Your loved one’s business may have been one of their most significant assets, and it’s possible that their estate plan or business succession plan explains what happens to the business when they die. However, it’s possible that no plan exists. The business may have started after an estate plan was developed, or the business owner may have died intestate. In any of these scenarios, a successful succession must include a fair valuation of the business and distribution to the lawful heirs.
Include the Business on the Descriptive List of Assets and Liabilities
A Louisiana succession lawyer will file pleadings to open a succession in court. These pleadings include:
- The Petition for Possession which describes the key facts about the succession case such as the identity of the decedent, whether there was a will or the decedent died intestate, and the identity of the known heirs.
- The Affidavit of Death, Domicile, and Heirship which acknowledges the truth of what is in the Petition for Possession.
- The Sworn Descriptive List of Assets and Liabilities which includes, describes, and lists the fair market value of the decedent’s assets at the time of death. In some cases, debts or liabilities are also included. An heir or an interested party to the succession must sign it. The Descriptive List of Assets and Liabilities is a critical step in the succession process because the court’s ultimate Judgment of Possession will be based on the content included in the Descriptive List of Assets and Liabilities.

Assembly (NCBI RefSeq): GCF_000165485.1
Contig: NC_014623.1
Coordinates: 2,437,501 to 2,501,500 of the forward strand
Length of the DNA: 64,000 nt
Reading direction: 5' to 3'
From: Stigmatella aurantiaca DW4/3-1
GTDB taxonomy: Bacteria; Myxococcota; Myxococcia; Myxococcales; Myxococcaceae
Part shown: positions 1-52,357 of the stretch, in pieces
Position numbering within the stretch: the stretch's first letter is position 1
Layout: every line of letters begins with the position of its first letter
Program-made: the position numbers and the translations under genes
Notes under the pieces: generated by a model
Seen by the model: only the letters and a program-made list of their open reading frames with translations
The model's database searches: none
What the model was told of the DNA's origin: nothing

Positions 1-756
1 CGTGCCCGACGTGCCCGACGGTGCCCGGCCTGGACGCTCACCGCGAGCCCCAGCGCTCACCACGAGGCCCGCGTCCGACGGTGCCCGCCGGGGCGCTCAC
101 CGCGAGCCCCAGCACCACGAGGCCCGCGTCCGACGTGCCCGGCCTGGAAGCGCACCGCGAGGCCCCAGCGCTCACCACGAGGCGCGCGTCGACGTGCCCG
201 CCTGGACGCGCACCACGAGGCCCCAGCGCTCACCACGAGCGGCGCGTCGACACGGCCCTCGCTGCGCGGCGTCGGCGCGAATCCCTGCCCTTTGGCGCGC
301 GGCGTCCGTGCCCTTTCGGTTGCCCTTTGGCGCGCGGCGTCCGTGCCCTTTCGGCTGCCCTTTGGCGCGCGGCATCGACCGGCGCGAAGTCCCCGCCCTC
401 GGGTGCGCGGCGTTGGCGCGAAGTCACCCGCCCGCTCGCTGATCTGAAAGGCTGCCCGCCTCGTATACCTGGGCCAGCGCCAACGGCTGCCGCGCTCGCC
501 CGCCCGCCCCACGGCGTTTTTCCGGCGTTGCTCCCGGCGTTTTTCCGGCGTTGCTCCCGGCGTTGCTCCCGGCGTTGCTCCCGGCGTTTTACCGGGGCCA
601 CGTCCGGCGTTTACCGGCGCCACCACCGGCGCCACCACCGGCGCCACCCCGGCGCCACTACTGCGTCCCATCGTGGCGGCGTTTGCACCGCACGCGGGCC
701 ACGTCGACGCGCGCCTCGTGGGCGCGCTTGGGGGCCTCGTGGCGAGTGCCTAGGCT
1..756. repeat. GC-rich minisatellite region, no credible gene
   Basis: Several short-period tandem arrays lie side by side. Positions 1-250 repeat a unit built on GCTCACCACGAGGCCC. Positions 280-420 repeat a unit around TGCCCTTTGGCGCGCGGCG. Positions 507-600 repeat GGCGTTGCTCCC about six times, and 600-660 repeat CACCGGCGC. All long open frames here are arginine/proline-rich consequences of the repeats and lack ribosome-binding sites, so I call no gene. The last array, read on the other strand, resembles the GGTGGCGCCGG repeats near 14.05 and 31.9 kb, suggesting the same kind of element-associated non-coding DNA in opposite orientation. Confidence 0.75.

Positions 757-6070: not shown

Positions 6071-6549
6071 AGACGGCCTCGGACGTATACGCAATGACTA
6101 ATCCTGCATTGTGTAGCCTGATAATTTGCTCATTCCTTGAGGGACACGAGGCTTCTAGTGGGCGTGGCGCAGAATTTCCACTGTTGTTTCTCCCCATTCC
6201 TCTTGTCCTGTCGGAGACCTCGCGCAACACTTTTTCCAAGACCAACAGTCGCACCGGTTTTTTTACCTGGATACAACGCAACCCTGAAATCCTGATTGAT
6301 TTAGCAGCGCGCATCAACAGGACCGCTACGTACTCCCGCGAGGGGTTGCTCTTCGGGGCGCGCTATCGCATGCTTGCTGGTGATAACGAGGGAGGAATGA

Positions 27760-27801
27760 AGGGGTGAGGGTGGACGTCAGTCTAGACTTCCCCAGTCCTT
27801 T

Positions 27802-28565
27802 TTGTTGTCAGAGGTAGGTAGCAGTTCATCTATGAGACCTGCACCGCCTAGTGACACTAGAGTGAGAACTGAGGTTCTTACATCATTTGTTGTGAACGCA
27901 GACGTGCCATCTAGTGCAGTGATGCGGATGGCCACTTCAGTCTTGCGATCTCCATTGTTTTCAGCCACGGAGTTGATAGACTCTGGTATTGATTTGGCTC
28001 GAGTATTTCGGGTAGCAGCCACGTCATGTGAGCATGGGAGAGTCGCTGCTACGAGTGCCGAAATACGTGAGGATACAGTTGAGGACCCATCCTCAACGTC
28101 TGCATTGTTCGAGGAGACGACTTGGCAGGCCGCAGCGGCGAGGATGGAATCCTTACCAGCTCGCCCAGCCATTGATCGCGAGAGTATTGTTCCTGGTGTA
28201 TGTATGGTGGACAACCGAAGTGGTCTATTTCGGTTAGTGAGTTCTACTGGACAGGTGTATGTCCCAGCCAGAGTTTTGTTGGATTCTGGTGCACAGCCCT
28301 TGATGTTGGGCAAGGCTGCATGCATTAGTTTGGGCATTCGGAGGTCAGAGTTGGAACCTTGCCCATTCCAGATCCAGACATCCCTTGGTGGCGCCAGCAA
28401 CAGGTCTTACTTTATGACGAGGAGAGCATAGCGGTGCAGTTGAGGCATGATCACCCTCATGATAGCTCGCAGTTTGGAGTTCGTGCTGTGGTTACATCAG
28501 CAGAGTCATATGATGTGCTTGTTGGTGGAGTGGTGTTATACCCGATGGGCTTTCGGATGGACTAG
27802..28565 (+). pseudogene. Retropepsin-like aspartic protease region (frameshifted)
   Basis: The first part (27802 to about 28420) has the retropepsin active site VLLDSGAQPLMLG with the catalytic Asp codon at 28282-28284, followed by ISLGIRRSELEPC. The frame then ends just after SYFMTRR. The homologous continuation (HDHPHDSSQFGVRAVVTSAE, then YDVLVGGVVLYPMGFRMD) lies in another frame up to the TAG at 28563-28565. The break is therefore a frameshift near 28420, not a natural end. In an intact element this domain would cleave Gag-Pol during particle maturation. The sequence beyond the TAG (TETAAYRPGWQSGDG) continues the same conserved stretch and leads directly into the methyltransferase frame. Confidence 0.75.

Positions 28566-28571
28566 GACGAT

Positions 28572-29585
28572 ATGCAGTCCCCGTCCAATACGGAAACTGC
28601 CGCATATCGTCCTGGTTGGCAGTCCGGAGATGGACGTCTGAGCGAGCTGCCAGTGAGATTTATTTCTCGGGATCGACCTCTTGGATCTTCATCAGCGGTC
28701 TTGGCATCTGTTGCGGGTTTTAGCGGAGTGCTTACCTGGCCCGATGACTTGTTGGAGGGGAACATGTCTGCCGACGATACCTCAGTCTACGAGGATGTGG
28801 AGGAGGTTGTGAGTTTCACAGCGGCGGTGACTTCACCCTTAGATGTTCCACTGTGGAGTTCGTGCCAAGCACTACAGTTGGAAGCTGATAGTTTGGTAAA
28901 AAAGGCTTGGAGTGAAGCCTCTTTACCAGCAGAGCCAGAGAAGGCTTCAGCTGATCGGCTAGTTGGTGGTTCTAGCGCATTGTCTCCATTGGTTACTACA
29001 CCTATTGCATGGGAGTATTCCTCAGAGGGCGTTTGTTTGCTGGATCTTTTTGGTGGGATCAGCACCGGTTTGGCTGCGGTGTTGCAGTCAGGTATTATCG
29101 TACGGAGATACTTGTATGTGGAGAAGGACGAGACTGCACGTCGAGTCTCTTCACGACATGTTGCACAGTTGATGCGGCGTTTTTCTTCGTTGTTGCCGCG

- A Renunciation of Donations. If any heir wants to reject their succession rights, a Renunciation of Donations must be filed to alert the court.
- The Judgment of Possession which explains who gets what when the succession case is finalized.
A decedent’s business interests are typically first included in the Descriptive List of Assets and Liabilities and then in the Judgment of Possession. Generally, the decedent’s business interests are included in both documents unless the business or estate plan was structured in such a way that the business would pass to new owners outside of the probate process.
Potential Business Issues During Succession
If the business is included in the Descriptive List of Assets and Liabilities and part of the succession process, the following issues could arise:
- Business operation interruptions. Your loved one’s death may impact daily business operations. Client and customer needs must be met, salaries must be paid, rent must be paid, and other short-term business operations must continue. A prolonged conflict and uncertainty about business succession could impact current business operations.
- Business valuation disputes. The business is likely a large part of the succession estate. However, its fair market value can be tricky to calculate. Experts may be required to determine the value of the business.
- Business continuation conflicts. Without a business succession plan, heirs may disagree about what should happen with the business.
Any of these issues may have financial consequences and may jeopardize the business that your loved one worked so hard to build.
A Louisiana Succession Lawyer Can Help
Each year, our experienced Louisiana succession attorneys help hundreds of families throughout the State of Louisiana resolve succession issues. We know what issues to anticipate and can help you by:
- Identifying the issues that may affect your loved one’s succession case
- Giving you our legal opinion about what may happen with your loved one’s business and any other succession assets
- Providing you with all of your succession options, so you can make informed decisions about what to do next
- Representing you in court to make sure all of your rights are protected
We invite you to begin learning more about your rights today by calling us or completing our contact form to have someone from our Louisiana succession law firm contact you.